Rev. Isaac Bradshaw
Isaiah 40:1-11, Psalm 85, 2 Peter 3:8–18, Mark 1:1-8
Collect of the Day: Blessed Lord, who caused all Holy Scriptures to be written for our learning: Grant us so to hear them, read, mark, learn, and inwardly digest them, that by patience and the comfort of your holy Word we may embrace and ever hold fast the blessed hope of everlasting life, which you have given us in our Savior Jesus Christ; who lives and reigns with you and the Holy Spirit, one God, for ever and ever. Amen
In November 2001, a little-known video game studio named Bungie published its latest game. It was an important moment in gaming history; Microsoft, the computer company, was introducing its first foray into making a gaming console. Nintendo had run the field for years; Sony had introduced its Playstation 2 the previous March, and in less than a year Sony had sold almost 10 million units. Microsoft’s new console, called the xBox, was a vast gamble for the company; entering a fickle, highly competitive, and expensive market.
And it needed a “killer app.” It needed a game, at launch, that would blow Nintendo and Sony out of the water. The game would have to be near-perfect, exclusive to xBox and so successful that people would buy not just the game, but the console itself, at the low-low price of $299.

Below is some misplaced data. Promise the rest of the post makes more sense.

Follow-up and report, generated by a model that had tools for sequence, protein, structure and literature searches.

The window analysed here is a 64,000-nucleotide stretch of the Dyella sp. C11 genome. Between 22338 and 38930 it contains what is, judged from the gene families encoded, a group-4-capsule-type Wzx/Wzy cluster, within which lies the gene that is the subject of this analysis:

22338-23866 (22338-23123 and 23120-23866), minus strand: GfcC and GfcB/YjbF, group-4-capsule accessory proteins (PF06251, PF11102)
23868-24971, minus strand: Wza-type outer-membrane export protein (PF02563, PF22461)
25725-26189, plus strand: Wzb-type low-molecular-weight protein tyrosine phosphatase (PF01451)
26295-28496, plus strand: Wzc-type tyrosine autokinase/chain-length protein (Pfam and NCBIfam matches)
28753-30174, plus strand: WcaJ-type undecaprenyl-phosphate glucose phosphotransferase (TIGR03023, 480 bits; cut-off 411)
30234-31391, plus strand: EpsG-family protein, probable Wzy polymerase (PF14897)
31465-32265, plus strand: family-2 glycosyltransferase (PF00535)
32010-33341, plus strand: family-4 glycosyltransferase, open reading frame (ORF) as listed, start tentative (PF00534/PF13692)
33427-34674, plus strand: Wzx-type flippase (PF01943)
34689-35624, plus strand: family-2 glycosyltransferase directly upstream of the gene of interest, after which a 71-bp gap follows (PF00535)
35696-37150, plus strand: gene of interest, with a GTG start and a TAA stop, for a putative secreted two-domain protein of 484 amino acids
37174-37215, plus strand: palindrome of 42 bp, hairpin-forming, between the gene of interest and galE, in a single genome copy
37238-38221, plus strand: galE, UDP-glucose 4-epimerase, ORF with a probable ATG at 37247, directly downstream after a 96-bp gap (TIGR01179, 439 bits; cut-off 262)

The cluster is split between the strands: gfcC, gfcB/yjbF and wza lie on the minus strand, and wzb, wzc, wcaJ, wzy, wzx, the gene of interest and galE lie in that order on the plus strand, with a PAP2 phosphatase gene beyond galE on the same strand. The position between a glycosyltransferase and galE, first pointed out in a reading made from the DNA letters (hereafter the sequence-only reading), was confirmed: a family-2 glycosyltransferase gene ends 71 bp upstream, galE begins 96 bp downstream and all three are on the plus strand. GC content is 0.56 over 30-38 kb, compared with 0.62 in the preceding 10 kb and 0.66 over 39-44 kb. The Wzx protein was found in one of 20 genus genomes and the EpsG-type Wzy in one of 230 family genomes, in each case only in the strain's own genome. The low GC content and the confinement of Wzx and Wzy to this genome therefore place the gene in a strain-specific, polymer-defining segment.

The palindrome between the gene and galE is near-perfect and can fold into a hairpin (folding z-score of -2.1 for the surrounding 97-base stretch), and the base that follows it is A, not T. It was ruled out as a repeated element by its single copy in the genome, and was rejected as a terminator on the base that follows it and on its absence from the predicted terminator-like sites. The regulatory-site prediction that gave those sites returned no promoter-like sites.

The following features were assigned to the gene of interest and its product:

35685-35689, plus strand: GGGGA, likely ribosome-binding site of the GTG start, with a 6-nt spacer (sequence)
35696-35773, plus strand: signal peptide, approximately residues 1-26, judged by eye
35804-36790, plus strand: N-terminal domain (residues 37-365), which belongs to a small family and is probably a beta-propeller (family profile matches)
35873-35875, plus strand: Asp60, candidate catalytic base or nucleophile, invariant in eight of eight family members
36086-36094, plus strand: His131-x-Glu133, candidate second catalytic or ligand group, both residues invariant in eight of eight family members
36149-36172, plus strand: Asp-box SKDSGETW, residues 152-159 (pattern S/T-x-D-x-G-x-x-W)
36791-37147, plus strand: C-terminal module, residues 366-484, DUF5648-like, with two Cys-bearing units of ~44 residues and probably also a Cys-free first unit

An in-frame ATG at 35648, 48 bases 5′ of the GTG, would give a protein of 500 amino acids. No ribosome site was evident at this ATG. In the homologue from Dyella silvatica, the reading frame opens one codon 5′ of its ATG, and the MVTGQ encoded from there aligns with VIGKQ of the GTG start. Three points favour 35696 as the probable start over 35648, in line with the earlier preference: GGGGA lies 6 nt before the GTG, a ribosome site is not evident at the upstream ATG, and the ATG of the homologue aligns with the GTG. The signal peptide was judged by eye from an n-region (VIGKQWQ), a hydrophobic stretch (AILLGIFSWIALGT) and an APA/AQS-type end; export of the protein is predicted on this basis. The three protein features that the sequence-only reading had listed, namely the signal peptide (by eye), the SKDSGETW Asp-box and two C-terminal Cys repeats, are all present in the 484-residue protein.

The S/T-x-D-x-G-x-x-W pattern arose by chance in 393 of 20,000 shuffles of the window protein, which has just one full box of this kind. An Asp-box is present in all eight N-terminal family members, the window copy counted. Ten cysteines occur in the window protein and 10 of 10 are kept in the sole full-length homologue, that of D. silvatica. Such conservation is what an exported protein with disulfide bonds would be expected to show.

The game was called Halo. It told the tale of the Master Chief, a cybernetically enhanced human soldier, his AI companion, Cortana, and their fight against the alien and technologically advanced religious group called the Covenant.
The run up to the game’s release was chaotic; strands of story, of mechanics, of writing were tied together at the last minute, making it difficult for designers and coders to actually make the game work. Marketing seemed to fail to find purchase with the game’s presumed audience, especially when a test play failed at a major gaming convention earlier in 2001. Even Microsoft, Bungie’s owner and publisher, didn’t quite know what to make of the game, memos record that the computer giant was concerned with things as trivial as the the game’s colors in its cover artwork: it clashed with the neon green box. Nervously, the studio pushed ahead, fine tuning the story, fine tuning the gameplay and, yes, the colors in the cover picture.
When Halo was released on November 15, 2001, sales were shaky, but solid. But most importantly, reviews were ecstatic. “Universal acclaim” is how it’s reported today. By two months into the xBox’s availability, 50% of the console’s sales were accompanied by sales of Halo. The gamble had paid off.
Halo had touched something in the minds of gamers. Perhaps it was something in the date: November 15, 2001. Just two months after the 9/11 attacks, it might be said that American gamers were ready to fight against a religio-political enemy. On the other hand, maybe it was the introduction of the multi-player mode; 16 people could play the game against each other; parties and tournaments sprang up across the country, particularly with college campuses.
I’m not so sure it wasn’t the myth though. You see, Halo’s story is more than the traditional good guy with gun -vs- bad guy with gun story. Embedded into the story is a relationship to Biblical myth that calls at our souls and reminds us of the necessity of a Forerunner.